Genre: Women’s Fiction
Mothers and daughters, sisters and cousins–they lived for summers at the lake house until a tragic accident changed everything. The Summer That Made Us is an unforgettable story about a family learning to accept the past, to forgive and to love each other again. That was then… For the Hempsteads, two sisters who married two brothers and had three daughters each, summers were idyllic. The women would escape the city the moment school was out to gather at the family house on Lake Waseka. The lake was a magical place, a haven where they were happy and carefree. All of their problems drifted away as the days passed in sun-dappled contentment. Until the summer that changed everything. This is now… After an accidental drowning turned the lake house into a site of tragedy and grief, it was closed up. For good. Torn apart, none of the Hempstead women speak of what happened that summer, and relationships between them are uneasy at best to hurtful at worst. But in the face of new challenges, one woman is determined to draw her family together again, and the only way that can happen is to return to the lake and face the truth. Robyn Carr has crafted a beautifully woven story about the complexities of family dynamics and the value of strong female relationships.
Wow this book was such an emotional read, way more than I was expecting it to be! There were highs and lows, ups and downs and I loved every minute of getting to know the dysfunctional Hempstead family. When I say dysfunctional I’m not even sure that word accurately describes things, this is a family steeped in tragedy going all the way back to the summer of ’89 and to say the events of that fateful summer messed them all up something fierce is putting it mildly.
Megan’s dying wish is to reunite her shattered family. At one point they were all super close and twenty seven years later most of them hardly speak at all. Jo and Lou are sisters who married brothers and they each had three daughters. They spent magical summers at their family lake house and life was pretty damn perfect for those summer months. When the youngest child, Bunny drowns the family is completely broken. Jo and Lou don’t speak and the daughters all mostly went their separate ways as well. Twenty seven years later and they’re back, for better or worse.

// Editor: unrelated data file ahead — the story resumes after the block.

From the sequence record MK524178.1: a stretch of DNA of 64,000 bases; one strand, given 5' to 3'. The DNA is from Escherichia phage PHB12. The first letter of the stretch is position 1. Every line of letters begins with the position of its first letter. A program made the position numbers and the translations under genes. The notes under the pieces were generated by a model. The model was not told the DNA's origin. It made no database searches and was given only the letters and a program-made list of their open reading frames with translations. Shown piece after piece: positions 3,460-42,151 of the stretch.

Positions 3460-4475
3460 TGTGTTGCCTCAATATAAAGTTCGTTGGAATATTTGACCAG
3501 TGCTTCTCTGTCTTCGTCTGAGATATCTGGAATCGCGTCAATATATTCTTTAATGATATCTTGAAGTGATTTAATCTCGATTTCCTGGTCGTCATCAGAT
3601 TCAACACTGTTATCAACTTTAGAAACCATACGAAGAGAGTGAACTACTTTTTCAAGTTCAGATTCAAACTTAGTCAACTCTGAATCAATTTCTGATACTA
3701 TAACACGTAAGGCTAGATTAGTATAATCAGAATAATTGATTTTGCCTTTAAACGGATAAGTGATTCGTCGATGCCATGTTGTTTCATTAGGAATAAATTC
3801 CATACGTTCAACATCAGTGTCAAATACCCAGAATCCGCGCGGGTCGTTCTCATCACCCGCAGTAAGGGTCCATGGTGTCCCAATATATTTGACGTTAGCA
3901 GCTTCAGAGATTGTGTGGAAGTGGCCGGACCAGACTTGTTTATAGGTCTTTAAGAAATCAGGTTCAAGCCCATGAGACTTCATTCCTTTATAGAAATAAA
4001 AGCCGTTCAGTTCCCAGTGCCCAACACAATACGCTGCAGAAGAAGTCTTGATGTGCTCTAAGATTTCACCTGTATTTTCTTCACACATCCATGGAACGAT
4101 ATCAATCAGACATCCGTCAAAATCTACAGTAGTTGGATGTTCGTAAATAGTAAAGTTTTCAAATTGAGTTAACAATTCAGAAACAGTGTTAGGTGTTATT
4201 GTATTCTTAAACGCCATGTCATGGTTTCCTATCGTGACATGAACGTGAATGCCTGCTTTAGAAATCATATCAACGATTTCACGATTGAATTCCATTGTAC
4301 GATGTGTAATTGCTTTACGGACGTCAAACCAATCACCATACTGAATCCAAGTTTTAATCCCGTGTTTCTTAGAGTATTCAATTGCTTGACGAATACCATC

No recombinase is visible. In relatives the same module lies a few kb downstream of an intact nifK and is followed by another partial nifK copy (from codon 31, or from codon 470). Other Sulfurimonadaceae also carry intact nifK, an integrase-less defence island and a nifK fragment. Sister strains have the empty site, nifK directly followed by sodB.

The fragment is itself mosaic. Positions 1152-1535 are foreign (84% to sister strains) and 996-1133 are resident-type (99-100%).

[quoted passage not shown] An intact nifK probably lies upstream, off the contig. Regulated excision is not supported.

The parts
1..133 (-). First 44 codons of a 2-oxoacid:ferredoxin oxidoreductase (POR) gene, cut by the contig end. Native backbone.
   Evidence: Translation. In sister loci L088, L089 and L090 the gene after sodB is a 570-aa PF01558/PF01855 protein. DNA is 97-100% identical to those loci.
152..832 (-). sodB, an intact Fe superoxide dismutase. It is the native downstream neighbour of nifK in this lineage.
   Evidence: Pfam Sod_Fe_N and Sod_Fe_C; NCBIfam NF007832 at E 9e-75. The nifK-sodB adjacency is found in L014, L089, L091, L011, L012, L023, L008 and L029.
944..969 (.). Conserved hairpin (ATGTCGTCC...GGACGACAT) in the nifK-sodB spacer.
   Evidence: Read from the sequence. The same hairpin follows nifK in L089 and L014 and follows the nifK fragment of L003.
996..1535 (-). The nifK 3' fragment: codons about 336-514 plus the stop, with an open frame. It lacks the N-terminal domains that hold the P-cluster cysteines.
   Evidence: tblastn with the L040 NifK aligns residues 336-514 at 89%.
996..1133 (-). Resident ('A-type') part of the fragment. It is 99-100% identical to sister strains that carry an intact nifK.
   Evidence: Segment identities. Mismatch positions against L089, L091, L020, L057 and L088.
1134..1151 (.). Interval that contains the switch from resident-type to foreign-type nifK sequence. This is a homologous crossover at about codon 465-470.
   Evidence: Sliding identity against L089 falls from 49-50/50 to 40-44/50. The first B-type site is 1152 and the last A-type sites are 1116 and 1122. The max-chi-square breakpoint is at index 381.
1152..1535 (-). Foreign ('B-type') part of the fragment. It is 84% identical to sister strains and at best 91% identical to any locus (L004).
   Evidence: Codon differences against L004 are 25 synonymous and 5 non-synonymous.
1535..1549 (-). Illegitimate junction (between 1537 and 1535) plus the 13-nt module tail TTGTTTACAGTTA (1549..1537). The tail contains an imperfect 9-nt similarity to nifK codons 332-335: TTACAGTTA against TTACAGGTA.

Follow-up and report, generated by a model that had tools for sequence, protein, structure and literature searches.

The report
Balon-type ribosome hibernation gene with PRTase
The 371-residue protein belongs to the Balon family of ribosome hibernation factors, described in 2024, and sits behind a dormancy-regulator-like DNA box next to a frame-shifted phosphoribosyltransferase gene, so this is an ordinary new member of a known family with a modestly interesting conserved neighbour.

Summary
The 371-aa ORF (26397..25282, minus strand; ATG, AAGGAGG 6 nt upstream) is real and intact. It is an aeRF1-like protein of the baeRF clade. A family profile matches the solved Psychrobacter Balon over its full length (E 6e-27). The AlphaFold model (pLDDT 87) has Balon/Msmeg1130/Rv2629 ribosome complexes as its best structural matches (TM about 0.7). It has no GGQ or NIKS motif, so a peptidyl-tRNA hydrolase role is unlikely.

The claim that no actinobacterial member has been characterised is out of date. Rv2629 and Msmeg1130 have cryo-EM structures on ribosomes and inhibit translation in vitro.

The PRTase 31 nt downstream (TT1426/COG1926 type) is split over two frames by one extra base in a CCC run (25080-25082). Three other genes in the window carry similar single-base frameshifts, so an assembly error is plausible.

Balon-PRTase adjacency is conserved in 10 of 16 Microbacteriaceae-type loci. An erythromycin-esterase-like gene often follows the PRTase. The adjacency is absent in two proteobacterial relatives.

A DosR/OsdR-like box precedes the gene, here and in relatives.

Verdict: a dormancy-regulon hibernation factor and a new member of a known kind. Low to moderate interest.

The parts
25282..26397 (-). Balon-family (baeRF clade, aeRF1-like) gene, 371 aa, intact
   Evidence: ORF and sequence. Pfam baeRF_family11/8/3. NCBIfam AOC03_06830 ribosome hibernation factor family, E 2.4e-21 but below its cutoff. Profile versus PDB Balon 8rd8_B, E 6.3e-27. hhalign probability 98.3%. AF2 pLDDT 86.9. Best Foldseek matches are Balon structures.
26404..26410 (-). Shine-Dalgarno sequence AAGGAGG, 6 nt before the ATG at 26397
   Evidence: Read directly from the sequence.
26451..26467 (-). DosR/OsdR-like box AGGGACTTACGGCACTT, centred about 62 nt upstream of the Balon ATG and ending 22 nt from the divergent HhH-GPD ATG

What makes Carr’s books standouts for me is her phenomenal characterization. Almost immediately I find myself invested and engrossed in the lives of her characters and this may be my favorite book of hers to date. I can’t even pick a favorite one here because they were all so real and raw, but Megan definitely wormed her way into my heart. I also really liked Krista, she is fresh out of prison after serving twenty five years and she was just such a unique women’s fiction character with her own type of spunk.
The plot mostly focused on repairing the families fractured relationships while slowly revealing secrets from the past and there were quite a few doozies. I’m always fascinated by complex families and hidden stories and there were so many here. There was one little twist that I totally didn’t see coming, twists in women’s fiction always through me for a loop because I’m not waiting on the edge of my seat for them like in a thriller.
Despite it being a highly evocative read it’s still very much a lighter read with substance. Carr’s trademark charm and easy writing style is in full effect making the perfect combination for a late summer read.
Overall rating: 4.5/5
Thanks to Little Bird Publicity for my review copy.